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Kenyan Politics: Boys’ Club?

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No girls allowedJust when I think that Kenyan politics can’t let me down any more than it already has, our elected troglodytes manage to surpass themselves.

Apparently, you can write a constitution, but change it when it doesn’t suit your purposes. So we have the dropping of the clause that a third of MPs should be female. I know! Crazy, right? Surely the women are too busy being helpmeets to their husbands to bother themselves with the ugly business of running around campaigning for votes.

So the good men of the cabinet have made a decision. It’s too hard! And it’s not boys wanting to keep hold of all of their marbles; it’s for the good of the country!

Analysts say the government fears that if parties are forced to reserve seats for women it will cause serious divisions in their ranks.

C’mon ladies! Don’t put yourselves forward for political office. Be reasonable. Do you want to trigger another civil war?

God forbid that the various parties shoudl actually seek capable and effective women from within their ranks! What’s that you say? Women are only effective at making tea for cabinet meetings. Well, hi! How are things back in the Middle Ages?!

Of course, in a meritocracy, women would rise to the top like cream no matter what the circumstances. But is Kenyan politics really a meritocracy? Honestly? Can you imagine the best possible candidate being able to represent their constituency without having to make themselves a hostage to fortune within the party-political process?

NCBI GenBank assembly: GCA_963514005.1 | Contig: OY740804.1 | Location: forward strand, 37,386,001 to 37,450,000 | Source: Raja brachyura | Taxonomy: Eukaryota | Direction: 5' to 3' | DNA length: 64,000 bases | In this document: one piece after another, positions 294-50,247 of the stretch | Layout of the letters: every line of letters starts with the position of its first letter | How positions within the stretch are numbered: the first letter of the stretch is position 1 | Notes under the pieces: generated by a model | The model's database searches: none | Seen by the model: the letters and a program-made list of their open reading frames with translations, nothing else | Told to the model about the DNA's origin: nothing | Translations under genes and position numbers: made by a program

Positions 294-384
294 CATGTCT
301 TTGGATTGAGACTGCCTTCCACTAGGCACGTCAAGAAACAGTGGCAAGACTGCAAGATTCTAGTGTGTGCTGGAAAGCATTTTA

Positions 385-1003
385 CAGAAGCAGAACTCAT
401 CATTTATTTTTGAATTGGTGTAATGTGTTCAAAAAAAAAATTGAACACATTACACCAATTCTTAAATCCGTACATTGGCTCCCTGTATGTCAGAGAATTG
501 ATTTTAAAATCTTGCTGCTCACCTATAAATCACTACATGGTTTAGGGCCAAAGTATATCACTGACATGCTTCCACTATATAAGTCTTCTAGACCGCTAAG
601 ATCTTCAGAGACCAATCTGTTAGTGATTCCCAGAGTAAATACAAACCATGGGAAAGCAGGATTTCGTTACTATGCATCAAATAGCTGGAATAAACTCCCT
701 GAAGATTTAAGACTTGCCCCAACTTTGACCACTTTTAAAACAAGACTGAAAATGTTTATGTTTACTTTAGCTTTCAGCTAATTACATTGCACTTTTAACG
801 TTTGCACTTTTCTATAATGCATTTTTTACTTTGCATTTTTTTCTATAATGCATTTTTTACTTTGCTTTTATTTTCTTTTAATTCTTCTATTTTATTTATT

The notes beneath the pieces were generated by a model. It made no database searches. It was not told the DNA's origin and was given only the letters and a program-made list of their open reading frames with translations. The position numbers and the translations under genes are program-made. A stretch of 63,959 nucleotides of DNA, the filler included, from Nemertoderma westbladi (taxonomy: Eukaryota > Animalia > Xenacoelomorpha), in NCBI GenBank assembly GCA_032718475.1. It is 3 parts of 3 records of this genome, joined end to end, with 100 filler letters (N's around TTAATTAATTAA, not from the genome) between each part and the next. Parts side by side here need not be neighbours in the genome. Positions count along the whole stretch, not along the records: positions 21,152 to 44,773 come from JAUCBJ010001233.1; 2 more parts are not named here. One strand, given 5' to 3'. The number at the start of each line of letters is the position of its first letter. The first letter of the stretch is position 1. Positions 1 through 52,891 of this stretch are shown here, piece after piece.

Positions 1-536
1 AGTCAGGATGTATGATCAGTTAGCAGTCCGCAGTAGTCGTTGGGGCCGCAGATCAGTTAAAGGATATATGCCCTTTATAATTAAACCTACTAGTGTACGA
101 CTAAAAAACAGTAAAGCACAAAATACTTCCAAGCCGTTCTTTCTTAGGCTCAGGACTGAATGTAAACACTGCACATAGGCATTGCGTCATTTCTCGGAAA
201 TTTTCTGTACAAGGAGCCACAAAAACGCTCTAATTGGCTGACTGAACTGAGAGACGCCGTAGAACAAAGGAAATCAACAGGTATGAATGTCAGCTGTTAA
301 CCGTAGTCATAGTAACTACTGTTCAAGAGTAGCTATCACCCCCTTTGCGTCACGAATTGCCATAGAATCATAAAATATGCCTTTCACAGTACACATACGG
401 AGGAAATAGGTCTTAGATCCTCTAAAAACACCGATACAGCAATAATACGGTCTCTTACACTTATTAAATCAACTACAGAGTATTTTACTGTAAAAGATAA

The boys’ club has always been sewn up, and when the constitution was being drawn up, lip service was given to letting the girls have a go. Now, with elections on the horizon, the boys suddenly realise that there will be less patronage to spread around if the girls have some reserved seats. so they vote for a constitutional amendment.

Do the voters of Kenya get a referendum?

Let’s wait and see.

[Image by dr.coop]

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3 Comments

  1. TK says:

    You’re incorrect with your assumptions here. This silly constitution was made without any thought going into it. The implementation of this 1/3 rule is nigh impossible.

    Example: my constituency becomes one of the ones reserved for women. Now, I’m a man and, to join the gravy train, would like to run for MP. But now I can’t. The constitutional requirement for 1/3 women representatives bars me. So won’t the constitution have discriminated against me solely because I’m a man?

    You see the problem?

  2. Steff says:

    And I point you towards the example set by Rwanda, which seems to have found quotas for women uncomplicated to implement.

    It’s not necessary to reserve entire constituencies for women, but more about the selection lists of political parties themselves. If they present capable female candidates to their potential, surely party loyalty would mean more female politicians being elected?

    The reason this doesn’t happen, is that the people at the top of politics, as in other fields, tend to choose as their successors and peers people who closely resemble them. So it ends up being a boys’ club. This is unfair to women, who after all make up half the population. Why are they so underrepresented in the seat of power?

    This isn’t about barring men from anything but allowing more women opportunity. Capable men will still get selected, they’ll just have more competition, which would normally lead to a better class of politician overall.

    Sadly, the viper’s nest that makes up Kenyan politics means there will merely be a schmoozier class of crook.

  3. TK says:

    The issue here is not how Rwanda implemented theirs nor how underrepresented women are in Kenyan politics (which they definitely are) but simply the unworkable formula used in our constitution.

    And that’s not all which is very very wrong with this new constitution. What we got is what we wanted, not what we needed, but that’s another story altogether.

    But I do agree with you about the viper’s nest. Couldn’t have put it better myself. :)

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